had not compiled 2011 ratoon crop yield information; however,
based on my informal survey, ratoon yields in 2011 were very erratic
– from about 1,600 lb/A to 5,600 lb/A. Presidio continues to perform
well in Matagorda County where both main and ratoon crop
yields exceeded 13,000 lb/A for some farmers.
Most farmers were able to plant early because of dry conditions;
however, cool temperatures and persistent winds during the day and
night delayed rice emergence and affected stands – particularly the
hybrids. Aerial applications were postponed, so timely applications
of fertilizer and pesticides often were delayed. Because of spring
cool temperatures, early rice growth was slowed and may have affected
the breakdown of herbicides within the rice plant leading to some
phytotoxicity. Persistent winds also caused injury to foliage.
As far as the insecticidal seed treatments (CruiserMaxx Rice, Dermacor
X-100 and NipsIt INSIDE), all performed well against the
spectrum of insects specific to each. Tenchu 20SG also performed well
against rice stink bug and grasshoppers. We hope to have another
Experimental Use Permit for NipsIt INSIDE for 2012 and a full federal
label to follow shortly.
2011 – Another mild season
Overall, the 2011 California rice-growing
season was another that challenged farmers.
A repeat of the previous year started with a
wet, cool spring followed by a fairly mild summer. Much of the rice
was planted in a narrow window mid-late May. From a positive
standpoint, temperatures did not dip as low as they did during the
sensitive pollen meiosis stage of the 2010 crop and this allowed most
growers to escape much of the cold temperature blanking issues we
observed last year. An estimated 588,000 acres of rice were planted
in 2011 for a 6 percent increase over 2010. Estimated statewide yield
is currently at 8,400 lbs/A for a 380
lbs/A increase over 2010.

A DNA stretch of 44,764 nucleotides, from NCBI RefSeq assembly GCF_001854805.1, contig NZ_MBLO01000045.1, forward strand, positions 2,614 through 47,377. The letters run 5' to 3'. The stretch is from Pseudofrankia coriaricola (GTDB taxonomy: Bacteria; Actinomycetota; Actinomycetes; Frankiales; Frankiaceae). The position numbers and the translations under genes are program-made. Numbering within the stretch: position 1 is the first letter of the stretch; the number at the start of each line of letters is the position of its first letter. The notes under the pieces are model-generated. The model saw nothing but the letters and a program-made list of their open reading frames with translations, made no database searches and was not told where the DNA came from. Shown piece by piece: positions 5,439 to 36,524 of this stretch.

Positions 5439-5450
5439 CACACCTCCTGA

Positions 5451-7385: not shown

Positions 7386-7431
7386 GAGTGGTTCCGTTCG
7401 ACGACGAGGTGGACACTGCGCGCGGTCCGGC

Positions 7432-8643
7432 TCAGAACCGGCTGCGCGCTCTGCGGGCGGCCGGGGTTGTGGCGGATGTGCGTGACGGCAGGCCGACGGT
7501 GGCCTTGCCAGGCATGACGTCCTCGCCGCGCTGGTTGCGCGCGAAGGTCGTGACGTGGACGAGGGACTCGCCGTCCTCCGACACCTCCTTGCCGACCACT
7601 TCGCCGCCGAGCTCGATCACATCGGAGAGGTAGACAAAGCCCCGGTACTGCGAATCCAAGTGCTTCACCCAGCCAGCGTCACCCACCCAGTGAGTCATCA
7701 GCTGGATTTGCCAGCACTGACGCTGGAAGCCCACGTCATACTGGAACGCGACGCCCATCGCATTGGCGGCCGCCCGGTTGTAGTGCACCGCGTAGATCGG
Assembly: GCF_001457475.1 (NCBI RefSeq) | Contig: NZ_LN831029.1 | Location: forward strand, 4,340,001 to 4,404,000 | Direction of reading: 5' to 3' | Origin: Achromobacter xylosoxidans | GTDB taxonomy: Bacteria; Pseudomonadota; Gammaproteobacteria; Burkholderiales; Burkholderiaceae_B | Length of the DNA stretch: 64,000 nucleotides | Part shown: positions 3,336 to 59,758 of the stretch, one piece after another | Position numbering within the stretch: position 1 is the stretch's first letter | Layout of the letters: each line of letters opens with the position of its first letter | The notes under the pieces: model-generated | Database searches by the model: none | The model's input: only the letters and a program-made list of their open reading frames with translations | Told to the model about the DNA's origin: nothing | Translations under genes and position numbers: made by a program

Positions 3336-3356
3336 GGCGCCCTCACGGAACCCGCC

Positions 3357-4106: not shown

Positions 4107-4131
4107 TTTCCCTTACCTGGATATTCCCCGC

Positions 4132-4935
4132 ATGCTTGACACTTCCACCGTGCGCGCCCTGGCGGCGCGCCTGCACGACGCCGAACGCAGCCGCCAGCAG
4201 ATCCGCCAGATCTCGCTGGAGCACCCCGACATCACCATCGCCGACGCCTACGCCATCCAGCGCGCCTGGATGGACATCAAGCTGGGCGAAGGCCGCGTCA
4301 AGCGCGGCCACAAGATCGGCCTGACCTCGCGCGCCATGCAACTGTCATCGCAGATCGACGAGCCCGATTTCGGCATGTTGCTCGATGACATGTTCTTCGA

Early season rains led to delayed
planting of the majority of California
rice acres but fields were planted
rapidly without much interruption
once operations got rolling.
Stand establishment, weed control
and nitrogen management are particularly
problematic in wet springs
like the one we had.
To compound the issues associated
with late-planted rice, temperatures
were fairly mild during the
months of June-August for the most
part, and this stretched out the
growing season even further. During
years with such conditions, we
frequently observe an extended
vegetative growth stage, delayed
heading and maturity but good
yields. Conditions for early harvested
rice were good while a period
of strong north winds led to
some lodging on later harvested
rice. Compounding the lodged rice
were intermittent rains, some locally
heavy, that led to delays in harvest
and may result in some lower
quality rice once appraised. Overall,
yields appear to be better than average
but quality assessment of the
crop is still to be determined.
Pest issues of concern in 2011
included an old foe as well as a new
one. This was the second year in a
row that we have observed heavier-than-normal rice blast disease
pressure in California. Incidences of rice blast were observed in fields
far removed from the region of Colusa and Glenn Counties where this
disease has been endemic since 1996. Similar conditions during the
2010 and 2011 crop years, including late planting and moderate summer
temperatures, are believed to have provided conditions that were
favorable to disease development over a larger geographical area.
Winged primrose willow (Ludwigia decurrens) was identified in
a northern California rice field this fall. This is the first documented
occurrence of winged primrose willow (WPW) west of Texas. Native
to South America, WPW is highly competitive and considered to be
an invasive weed species. This weed was found principally along
field margins, levees and ditch banks. Eradication efforts are being led
by County Agricultural Commissioners. UC and USDA researchers
are working on